Browsing named entities in George Bancroft, History of the United States from the Discovery of the American Continent, Vol. 5, 13th edition.. You can also browse the collection for Barcino (Spain) or search for Barcino (Spain) in all documents.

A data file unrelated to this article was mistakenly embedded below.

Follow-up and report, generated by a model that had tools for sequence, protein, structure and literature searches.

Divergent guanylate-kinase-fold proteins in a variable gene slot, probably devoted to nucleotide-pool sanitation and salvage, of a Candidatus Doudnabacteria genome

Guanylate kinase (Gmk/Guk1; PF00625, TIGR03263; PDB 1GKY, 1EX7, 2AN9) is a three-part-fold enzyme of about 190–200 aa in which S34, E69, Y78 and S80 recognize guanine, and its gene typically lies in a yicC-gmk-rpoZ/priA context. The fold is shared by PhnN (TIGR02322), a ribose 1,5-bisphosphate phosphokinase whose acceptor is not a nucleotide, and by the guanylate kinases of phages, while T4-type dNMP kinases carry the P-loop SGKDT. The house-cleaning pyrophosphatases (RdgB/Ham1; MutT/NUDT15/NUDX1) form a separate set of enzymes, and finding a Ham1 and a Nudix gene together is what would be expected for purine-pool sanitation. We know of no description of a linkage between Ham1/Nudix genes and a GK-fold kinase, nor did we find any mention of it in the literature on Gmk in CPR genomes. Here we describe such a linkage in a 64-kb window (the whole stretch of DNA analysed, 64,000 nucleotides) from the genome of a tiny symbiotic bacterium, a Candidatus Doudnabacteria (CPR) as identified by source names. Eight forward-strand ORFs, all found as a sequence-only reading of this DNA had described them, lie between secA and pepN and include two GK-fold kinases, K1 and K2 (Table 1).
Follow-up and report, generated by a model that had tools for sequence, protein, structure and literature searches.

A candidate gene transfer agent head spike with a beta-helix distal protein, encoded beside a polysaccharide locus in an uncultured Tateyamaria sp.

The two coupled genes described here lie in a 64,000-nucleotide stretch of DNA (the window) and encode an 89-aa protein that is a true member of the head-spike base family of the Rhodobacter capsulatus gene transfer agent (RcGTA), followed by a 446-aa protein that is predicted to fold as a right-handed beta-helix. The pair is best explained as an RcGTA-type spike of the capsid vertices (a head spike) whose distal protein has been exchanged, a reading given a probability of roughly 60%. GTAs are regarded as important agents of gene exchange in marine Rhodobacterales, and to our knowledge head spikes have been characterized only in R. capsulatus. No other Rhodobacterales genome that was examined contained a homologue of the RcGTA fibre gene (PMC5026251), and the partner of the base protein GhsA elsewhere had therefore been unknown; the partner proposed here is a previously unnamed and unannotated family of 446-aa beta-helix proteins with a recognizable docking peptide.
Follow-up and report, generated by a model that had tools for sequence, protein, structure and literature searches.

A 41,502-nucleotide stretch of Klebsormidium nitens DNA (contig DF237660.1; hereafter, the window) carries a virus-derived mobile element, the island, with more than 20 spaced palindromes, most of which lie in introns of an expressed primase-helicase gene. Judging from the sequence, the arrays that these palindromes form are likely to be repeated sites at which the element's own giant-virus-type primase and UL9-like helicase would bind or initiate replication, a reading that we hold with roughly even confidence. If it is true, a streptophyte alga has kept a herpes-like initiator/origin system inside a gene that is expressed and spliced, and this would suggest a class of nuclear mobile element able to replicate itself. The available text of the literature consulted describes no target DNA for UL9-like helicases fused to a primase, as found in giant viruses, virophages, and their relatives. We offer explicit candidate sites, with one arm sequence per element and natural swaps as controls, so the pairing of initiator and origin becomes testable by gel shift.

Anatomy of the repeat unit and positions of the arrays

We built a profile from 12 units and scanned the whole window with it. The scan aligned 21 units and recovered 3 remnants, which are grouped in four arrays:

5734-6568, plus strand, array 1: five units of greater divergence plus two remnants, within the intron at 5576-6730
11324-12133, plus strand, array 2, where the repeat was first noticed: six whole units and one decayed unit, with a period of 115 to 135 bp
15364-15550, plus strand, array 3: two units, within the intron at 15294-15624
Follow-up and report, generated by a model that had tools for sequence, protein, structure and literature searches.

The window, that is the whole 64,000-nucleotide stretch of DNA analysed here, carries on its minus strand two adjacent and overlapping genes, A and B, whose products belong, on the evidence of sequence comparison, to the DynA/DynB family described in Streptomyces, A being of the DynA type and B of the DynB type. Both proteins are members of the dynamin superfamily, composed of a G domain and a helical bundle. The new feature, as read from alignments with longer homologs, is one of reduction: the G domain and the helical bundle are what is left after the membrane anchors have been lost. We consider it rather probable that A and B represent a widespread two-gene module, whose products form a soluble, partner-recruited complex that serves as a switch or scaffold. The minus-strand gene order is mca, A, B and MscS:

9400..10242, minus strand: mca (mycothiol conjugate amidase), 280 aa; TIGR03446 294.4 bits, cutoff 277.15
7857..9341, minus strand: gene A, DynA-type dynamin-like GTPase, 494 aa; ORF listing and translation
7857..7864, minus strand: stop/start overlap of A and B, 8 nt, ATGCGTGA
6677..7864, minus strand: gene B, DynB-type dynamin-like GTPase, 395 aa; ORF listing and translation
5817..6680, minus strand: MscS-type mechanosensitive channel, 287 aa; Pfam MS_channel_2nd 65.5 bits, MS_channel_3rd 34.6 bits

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and poor, and wretched. It had no canals, no good roads, no manufactures. There was so little industry, or opportunity of employing capital, that though money was very scarce, the rate of interest was as low at Madrid as in Holland. Almost all the lands were entailed in perpetuity, and were included in the immense domains of the grandees. These estates, never seen by their owners, were poorly cultivated and ill managed; so that almost nothing fell to the share of the masses. Except in Barcelona and Cadiz, the nation every where presented the most touching picture of misery and poverty. And Spain, which by its laws of navigation reserved to itself all traffic with its colonies, and desired to make the Gulf of Mexico and the Caribbean its chap. I.} 1763. own close seas, allowed but four and thirty vessels, some of them small ones, to engage in voyages between itself and the Continent of America on the Atlantic side, and all along the Pacific; while but four others plied to and f